BACKGROUND: Anti-tumour necrosis factor (TNF) agents are effective in treating people with rheumatoid arthritis (RA), but are associated with (dose-dependent) adverse effects and high costs. To prevent overtreatment, several trials have assessed the effectiveness of down-titration compared with continuation of the standard dose. This is an update of a Cochrane Review published in 2014. OBJECTIVES: To evaluate the benefits and harms of down-titration (dose reduction, discontinuation, or disease activity-guided dose tapering) of anti-TNF agents on disease activity, functioning, costs, safety, and radiographic damage compared with usual care in people with RA and low disease activity. SEARCH METHODS: We searched MEDLINE, Embase, Web of Science and CENTRAL (29 March 2018) and four trial registries (11 April 2018) together with reference checking, citation searching, and contact with study authors to identify additional studies. We screened conference proceedings (American College of Rheumatology and European League Against Rheumatism 2005-2017). SELECTION CRITERIA: Randomised controlled trials (RCTs) and controlled clinical trials (CCTs) comparing down-titration (dose reduction, discontinuation, disease activity-guided dose tapering) of anti-TNF agents (adalimumab, certolizumab pegol, etanercept, golimumab, infliximab) to usual care/no down-titration in people with RA and low disease activity. DATA COLLECTION AND ANALYSIS: We used standard Cochrane methodology. MAIN RESULTS: One previously included trial was excluded retrospectively in this update because it was not an RCT/CCT. We included eight additional trials, for a total of 14 studies (13 RCTs and one CCT, 3315 participants in total) reporting anti-TNF down-titration. Six studies (1148 participants) reported anti-TNF dose reduction compared with anti-TNF continuation. Eight studies (2111 participants) reported anti-TNF discontinuation compared with anti-TNF continuation (three studies assessed both anti-TNF discontinuation and dose reduction), and three studies assessed disease activity-guided anti-TNF dose tapering (365 participants). These studies included data on all anti-TNF agents, but primarily adalimumab and etanercept. Thirteen studies were available in full text, one was available as abstract. We assessed the included studies generally at low to moderate risk of bias; our main concerns were bias due to open-label treatment and unblinded outcome assessment. Clinical heterogeneity between the trials was high. The included studies were performed at clinical centres around the world and included people with early as well as established RA, the majority of whom were female with mean ages between 47 and 60. Study durations ranged from 6 months to 3.5 years.We found that anti-TNF dose reduction leads to little or no difference in mean disease activity score (DAS28) after 26 to 52 weeks (high-certainty evidence, mean difference (MD) 0.06, 95% confidence interval (CI) -0.11 to 0.24, absolute risk difference (ARD) 1%) compared with continuation. Also, anti-TNF dose reduction does not result in an important deterioration in function after 26 to 52 weeks (Health Assessment Questionnaire Disability Index (HAQ-DI)) (high-certainty evidence, MD 0.09, 95% CI 0.00 to 0.19, ARD 3%). Next to this, anti-TNF dose reduction may slightly reduce the proportion of participants switched to another biologic (low-certainty evidence), but probably slightly increases the proportion of participants with minimal radiographic progression after 52 weeks (moderate-certainty evidence, risk ratio (RR) 1.22, 95% CI 0.76 to 1.95, ARD 2% higher). Anti-TNF dose reduction may cause little or no difference in serious adverse events, withdrawals due to adverse events and proportion of participants with persistent remission (low-certainty evidence).Results show that anti-TNF discontinuation probably slightly increases the mean disease activity score (DAS28) after 28 to 52 weeks (moderate-certainty evidence, MD 0.96, 95% CI 0.67 to 1.25, ARD 14%), and that the RR of persistent remission lies between 0.16 and 0.77 (low-certainty evidence). Anti-TNF discontinuation increases the proportion participants with minimal radiographic progression after 52 weeks (high-certainty evidence, RR 1.69, 95% CI 1.10 to 2.59, ARD 7%) and may lead to a slight deterioration in function (HAQ-DI) (low-certainty evidence). It is uncertain whether anti-TNF discontinuation influences the number of serious adverse events (due to very low-certainty evidence) and the number of withdrawals due to adverse events after 28 to 52 weeks probably increases slightly (moderate-certainty evidence, RR 1.46, 95% CI 0.75 to 2.84, ARD 1% higher).Anti-TNF disease activity-guided dose tapering may result in little or no difference in mean disease activity score (DAS28) after 72 to 78 weeks (low-certainty evidence). Furthermore, anti-TNF disease activity-guided dose tapering results in little or no difference in the proportion of participants with persistent remission after 18 months (high-certainty evidence, RR 0.89, 95% CI 0.75 to 1.06, ARD -9%) and may result in little or no difference in switching to another biologic (low-certainty evidence). Anti-TNF disease activity-guided dose tapering may slightly increase proportion of participants with minimal radiographic progression (low-certainty evidence) and probably leads to a slight deterioration of function after 18 months (moderate-certainty evidence, MD 0.2 higher, 0.02 lower to 0.42 higher, ARD 7% higher), It is uncertain whether anti-TNF disease activity-guided dose tapering influences the number of serious adverse events due to very low-certainty evidence. AUTHORS' CONCLUSIONS: We found that fixed-dose reduction of anti-TNF, after at least three to 12 months of low disease activity, is comparable to continuation of the standard dose regarding disease activity and function, and may be comparable with regards to the proportion of participants with persistent remission. Discontinuation (also without disease activity-guided adaptation) of anti-TNF is probably inferior to continuation of treatment with respect to disease activity, the proportion of participants with persistent remission, function, and minimal radiographic damage. Disease activity-guided dose tapering of anti-TNF is comparable to continuation of treatment with respect to the proportion of participants with persistent remission and may be comparable regarding disease activity.Caveats of this review are that available data are mainly limited to etanercept and adalimumab, the heterogeneity between studies, and the use of superiority instead of non-inferiority designs.Future research should focus on the anti-TNF agents infliximab and golimumab; assessment of disease activity, function, and radiographic outcomes after longer follow-up; and assessment of long-term safety, cost-effectiveness, and predictors for successful down-titration. Also, use of a validated flare criterion, non-inferiority designs, and disease activity-guided tapering instead of fixed-dose reduction or discontinuation would allow researchers to better interpret study findings and generalise to clinical practice.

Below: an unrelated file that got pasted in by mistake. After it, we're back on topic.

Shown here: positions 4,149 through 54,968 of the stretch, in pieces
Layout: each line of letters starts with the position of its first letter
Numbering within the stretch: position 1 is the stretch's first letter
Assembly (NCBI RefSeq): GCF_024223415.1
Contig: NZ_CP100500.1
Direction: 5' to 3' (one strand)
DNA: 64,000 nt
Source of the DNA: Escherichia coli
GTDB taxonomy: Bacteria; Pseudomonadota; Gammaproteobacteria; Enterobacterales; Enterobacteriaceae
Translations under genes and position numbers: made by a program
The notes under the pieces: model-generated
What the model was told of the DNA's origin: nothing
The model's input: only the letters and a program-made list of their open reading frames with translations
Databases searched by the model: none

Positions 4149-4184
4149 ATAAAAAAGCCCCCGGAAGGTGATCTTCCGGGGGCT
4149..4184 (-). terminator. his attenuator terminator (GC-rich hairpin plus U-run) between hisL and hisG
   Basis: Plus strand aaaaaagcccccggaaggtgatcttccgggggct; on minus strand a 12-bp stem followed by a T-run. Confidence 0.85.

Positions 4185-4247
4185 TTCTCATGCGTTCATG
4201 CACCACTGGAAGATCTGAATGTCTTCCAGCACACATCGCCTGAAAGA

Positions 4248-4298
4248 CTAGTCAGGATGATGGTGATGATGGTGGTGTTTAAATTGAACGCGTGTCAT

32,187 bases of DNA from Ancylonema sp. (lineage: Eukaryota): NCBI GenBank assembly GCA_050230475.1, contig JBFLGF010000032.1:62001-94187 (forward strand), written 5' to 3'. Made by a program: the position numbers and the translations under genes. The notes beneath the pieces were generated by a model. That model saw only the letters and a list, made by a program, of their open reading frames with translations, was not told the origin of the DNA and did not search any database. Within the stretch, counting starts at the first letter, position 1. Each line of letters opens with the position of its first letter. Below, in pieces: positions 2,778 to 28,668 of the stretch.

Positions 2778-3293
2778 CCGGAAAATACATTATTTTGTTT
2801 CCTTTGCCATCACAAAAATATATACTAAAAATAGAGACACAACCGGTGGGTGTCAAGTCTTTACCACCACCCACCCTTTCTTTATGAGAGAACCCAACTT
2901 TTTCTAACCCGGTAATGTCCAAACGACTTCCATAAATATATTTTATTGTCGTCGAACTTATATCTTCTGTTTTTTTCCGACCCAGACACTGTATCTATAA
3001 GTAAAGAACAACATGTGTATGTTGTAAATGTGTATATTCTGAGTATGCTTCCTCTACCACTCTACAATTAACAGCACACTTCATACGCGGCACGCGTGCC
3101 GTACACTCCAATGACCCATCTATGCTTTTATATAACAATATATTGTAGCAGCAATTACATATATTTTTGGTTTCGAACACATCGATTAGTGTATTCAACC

Assuntos